As we've all become more aware that gender isn't binary, how have opinions shifted to fashion and retail?
I think for some time we have all understood that gender is not binary but we have not reflected this in the way we present ourselves. It is not simply about dressing in an "androgynous style" or in unisex boiler suits as many fashion magazines put it: a man wearing a skirt or a woman wanting to wear her boyfriends jeans. This is a genuine desire by men and women to dress as individuals in whatever they wish. Presenting clothes on racks for men and women is outmoded.
By their very construction and focus, department stores segregate, not just by rail but by floors. How difficult was it to craft a space within Selfridges that was free from the need to conform and categorize?
It was a challenge. I firstly managed to persuade the directors to use the materials I wanted to use - primal and raw materials like chickenwire; steel; hair; rubber; etc. However once I had convinced them on chickenwire structures filled with primal figurative sculptures I realized I was missing something. I was not changing anything - just designing another space, a new interior. I needed to change and challenge the way people actually shopped and looked for clothes. I wanted to remove all visual merchandising; remove all branding and all artifice behind gender. This is when I decided to bag all the clothes - this way I allowed the garments to speak for themselves.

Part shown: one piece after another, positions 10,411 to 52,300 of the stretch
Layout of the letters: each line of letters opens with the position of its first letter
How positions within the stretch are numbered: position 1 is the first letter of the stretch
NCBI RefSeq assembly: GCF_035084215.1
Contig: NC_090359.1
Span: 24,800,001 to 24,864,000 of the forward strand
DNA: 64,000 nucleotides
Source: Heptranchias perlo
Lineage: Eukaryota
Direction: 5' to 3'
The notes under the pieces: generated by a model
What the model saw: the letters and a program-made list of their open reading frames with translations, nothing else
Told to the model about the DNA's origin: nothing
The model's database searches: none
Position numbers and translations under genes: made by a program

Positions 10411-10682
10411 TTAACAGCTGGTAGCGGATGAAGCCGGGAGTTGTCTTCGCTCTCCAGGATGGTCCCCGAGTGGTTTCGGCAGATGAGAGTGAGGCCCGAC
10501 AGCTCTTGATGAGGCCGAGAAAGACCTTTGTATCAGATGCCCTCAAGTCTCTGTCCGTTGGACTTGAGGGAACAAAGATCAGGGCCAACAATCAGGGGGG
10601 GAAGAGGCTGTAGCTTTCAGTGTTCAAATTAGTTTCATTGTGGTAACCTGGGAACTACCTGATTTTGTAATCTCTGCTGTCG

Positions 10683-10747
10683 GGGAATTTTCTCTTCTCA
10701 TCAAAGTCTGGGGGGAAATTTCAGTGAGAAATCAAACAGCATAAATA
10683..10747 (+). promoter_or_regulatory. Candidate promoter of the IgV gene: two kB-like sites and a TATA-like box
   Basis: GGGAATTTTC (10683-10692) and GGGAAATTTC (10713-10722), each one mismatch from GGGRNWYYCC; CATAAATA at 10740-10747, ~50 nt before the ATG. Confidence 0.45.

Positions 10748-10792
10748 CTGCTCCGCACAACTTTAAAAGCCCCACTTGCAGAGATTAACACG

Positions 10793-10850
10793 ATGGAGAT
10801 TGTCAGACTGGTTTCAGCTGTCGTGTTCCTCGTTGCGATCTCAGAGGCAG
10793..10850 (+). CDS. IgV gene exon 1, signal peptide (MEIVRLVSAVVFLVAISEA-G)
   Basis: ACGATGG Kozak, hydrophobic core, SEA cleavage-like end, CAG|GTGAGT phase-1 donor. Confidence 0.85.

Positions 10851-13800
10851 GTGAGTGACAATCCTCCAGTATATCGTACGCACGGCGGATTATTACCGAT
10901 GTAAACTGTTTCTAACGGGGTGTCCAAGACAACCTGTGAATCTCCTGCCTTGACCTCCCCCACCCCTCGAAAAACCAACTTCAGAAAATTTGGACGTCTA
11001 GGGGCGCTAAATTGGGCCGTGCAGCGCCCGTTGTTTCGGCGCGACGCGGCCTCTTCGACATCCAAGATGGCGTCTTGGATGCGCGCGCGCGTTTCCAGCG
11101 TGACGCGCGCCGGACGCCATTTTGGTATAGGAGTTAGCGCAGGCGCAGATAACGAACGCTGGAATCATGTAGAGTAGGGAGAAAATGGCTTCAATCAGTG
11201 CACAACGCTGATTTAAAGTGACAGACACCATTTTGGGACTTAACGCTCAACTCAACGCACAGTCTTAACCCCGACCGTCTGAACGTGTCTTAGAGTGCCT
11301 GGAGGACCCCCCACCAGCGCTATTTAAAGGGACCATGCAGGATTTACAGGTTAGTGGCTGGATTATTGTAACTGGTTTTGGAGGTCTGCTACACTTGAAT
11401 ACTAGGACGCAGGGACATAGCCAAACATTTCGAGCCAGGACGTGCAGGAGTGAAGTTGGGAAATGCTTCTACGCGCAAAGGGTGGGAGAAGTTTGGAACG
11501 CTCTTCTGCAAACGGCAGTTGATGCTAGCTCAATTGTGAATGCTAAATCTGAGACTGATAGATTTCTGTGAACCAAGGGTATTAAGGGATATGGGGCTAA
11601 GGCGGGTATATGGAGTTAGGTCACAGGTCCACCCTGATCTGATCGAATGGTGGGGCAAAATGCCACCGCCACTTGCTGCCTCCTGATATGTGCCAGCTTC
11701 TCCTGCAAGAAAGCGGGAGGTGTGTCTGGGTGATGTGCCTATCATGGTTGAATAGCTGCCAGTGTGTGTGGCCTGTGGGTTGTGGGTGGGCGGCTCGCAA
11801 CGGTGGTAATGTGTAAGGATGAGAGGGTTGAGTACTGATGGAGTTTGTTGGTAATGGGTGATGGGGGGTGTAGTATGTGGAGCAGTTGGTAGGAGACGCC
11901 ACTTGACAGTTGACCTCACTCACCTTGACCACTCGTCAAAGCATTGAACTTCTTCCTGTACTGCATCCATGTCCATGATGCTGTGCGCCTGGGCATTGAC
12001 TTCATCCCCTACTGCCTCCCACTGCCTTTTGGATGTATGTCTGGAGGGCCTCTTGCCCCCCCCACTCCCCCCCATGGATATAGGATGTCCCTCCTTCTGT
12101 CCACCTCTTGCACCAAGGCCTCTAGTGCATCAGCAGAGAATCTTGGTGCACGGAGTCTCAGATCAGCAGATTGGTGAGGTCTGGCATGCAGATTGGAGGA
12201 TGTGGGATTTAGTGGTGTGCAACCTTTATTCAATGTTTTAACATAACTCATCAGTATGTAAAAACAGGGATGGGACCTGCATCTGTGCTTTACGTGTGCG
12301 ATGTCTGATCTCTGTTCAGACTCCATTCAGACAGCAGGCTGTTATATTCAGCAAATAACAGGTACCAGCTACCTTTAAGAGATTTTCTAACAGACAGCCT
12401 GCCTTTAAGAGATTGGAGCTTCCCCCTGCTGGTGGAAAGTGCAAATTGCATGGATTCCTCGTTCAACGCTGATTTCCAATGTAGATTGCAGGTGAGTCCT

Agender strips garments of gender but also of strips them of the most obvious creative and everyday distractions, the result of which is archival, neutral, clinical even. How conscious were of the need to sterilize the retail experience?